Water the report of the World Commission on

 

Water
and Sanitation

Water is an elemental requirement
in life to sustain. With varying climate changes and increasing pollution, the
quality and accessibility of water is subsequently affected. Water has,
therefore, become one of the core issues of sustainable development. As defined
in the report of the World
Commission on Environment and Development (1987), sustainable
development is “development that meets the needs of the present without
compromising the ability of future generation to meet their own needs”.
However, meeting these needs also requires an assurance that everyone gets
their fair share of access to resources so as to sustain growth. Increase in
global population as well as rising pollution and lack of access to clean water
has led to a growing need to balance demands on water resources so that every person
has enough for their needs (UN.org,
n.d.).

While water is a basic
necessity for life, sanitation is fundamental to health (Lowe Morna,
2000), thus, water and sanitation
cannot be seen in isolation from each other. Roughly 2.1 billion people worldwide lack access to safe water while
almost 4.5 billion people lack improved sanitation facilities (World Health Organization, 2017).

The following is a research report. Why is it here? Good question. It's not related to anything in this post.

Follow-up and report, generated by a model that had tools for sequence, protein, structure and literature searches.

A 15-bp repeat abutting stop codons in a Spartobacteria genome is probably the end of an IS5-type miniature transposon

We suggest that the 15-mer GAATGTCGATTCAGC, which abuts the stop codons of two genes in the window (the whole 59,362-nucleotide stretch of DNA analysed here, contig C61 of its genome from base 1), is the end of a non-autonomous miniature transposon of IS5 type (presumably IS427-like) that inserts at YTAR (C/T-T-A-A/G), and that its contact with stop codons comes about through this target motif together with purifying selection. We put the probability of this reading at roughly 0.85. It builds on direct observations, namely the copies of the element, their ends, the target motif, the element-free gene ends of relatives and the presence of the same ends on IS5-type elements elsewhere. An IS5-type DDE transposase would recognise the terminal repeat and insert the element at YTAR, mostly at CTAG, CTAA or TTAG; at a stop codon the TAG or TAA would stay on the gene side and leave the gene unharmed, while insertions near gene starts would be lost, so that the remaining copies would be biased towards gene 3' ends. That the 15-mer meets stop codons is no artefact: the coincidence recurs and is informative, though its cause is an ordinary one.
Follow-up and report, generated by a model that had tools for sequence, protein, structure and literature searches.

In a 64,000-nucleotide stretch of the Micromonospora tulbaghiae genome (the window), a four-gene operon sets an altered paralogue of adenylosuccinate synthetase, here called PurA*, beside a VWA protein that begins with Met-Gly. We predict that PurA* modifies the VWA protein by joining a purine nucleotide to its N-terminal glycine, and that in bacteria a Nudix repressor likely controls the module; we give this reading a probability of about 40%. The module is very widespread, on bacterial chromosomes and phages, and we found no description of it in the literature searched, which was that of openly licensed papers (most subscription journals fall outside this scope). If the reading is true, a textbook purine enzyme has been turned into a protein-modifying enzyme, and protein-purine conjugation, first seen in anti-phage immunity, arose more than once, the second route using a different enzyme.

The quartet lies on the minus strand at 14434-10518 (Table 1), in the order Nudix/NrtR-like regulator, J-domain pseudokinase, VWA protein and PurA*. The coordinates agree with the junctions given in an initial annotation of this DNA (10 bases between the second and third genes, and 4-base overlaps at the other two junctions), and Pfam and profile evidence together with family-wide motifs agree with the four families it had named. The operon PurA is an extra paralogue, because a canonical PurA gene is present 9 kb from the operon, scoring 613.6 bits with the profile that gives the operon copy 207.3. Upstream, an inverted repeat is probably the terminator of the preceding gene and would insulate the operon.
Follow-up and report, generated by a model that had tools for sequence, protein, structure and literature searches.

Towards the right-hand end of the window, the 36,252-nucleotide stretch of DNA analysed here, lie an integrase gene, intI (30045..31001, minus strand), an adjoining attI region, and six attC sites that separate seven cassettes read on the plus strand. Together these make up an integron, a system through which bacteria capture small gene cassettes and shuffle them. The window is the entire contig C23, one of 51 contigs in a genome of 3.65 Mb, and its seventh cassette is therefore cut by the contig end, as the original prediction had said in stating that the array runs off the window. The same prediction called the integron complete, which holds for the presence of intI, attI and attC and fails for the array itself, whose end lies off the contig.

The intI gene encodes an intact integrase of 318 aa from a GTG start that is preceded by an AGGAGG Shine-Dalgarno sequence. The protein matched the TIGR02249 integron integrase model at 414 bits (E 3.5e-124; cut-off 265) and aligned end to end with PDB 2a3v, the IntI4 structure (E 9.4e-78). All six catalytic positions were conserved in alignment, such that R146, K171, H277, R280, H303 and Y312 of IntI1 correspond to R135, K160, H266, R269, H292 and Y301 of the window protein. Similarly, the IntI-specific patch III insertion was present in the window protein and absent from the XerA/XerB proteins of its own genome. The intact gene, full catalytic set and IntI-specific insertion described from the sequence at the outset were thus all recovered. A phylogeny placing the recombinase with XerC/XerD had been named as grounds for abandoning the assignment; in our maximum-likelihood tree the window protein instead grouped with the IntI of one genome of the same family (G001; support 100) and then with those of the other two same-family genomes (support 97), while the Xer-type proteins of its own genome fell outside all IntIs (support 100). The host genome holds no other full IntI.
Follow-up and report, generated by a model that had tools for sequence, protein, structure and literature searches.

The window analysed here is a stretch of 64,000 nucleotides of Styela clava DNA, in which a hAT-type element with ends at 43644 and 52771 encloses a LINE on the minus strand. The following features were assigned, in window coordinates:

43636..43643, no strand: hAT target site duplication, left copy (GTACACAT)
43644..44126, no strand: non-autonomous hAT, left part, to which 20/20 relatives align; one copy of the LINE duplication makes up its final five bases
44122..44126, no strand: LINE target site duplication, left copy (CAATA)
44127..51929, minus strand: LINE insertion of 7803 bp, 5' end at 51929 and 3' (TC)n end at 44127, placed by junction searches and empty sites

Most of the rural population, specially women and children are most affected by
water scarcity and poor sanitation. Women and girls, in many parts of the
world, shoulder the responsibility of provision and management of water at the
domestic level. In rural areas where access to water is not readily available,
women bear the task to deliver water from sources that are located away from
their vicinity, thereby, travelling long distances in order to get clean water
for household and agricultural purposes.

Since people in the
rural areas lack sufficient financial resources, proper sanitation facilities
are, therefore, unavailable to them. Without sanitation facilities, women tend
to relieve themselves either in the night or early in the morning so to as to
avoid being seen by men (Brown,
2010). The policy brief ‘Gender, Water and Sanitation’ published by the UN-Water department in
2006, briefly explores the issue of water management and sanitation,
specially looking at the roles and responsibilities of women globally. Policies
on management and provision of water resources and improved sanitation
facilities often overlook the role of women and the abundant knowledge they possess
on the subject. The policy brief addresses this issue of involvement of women
in formulating policies and projects to improve water accessibility and sanitation
provision by addressing particular issues of concern and providing
recommendations to ensure gender perspective in global water and sanitation projects.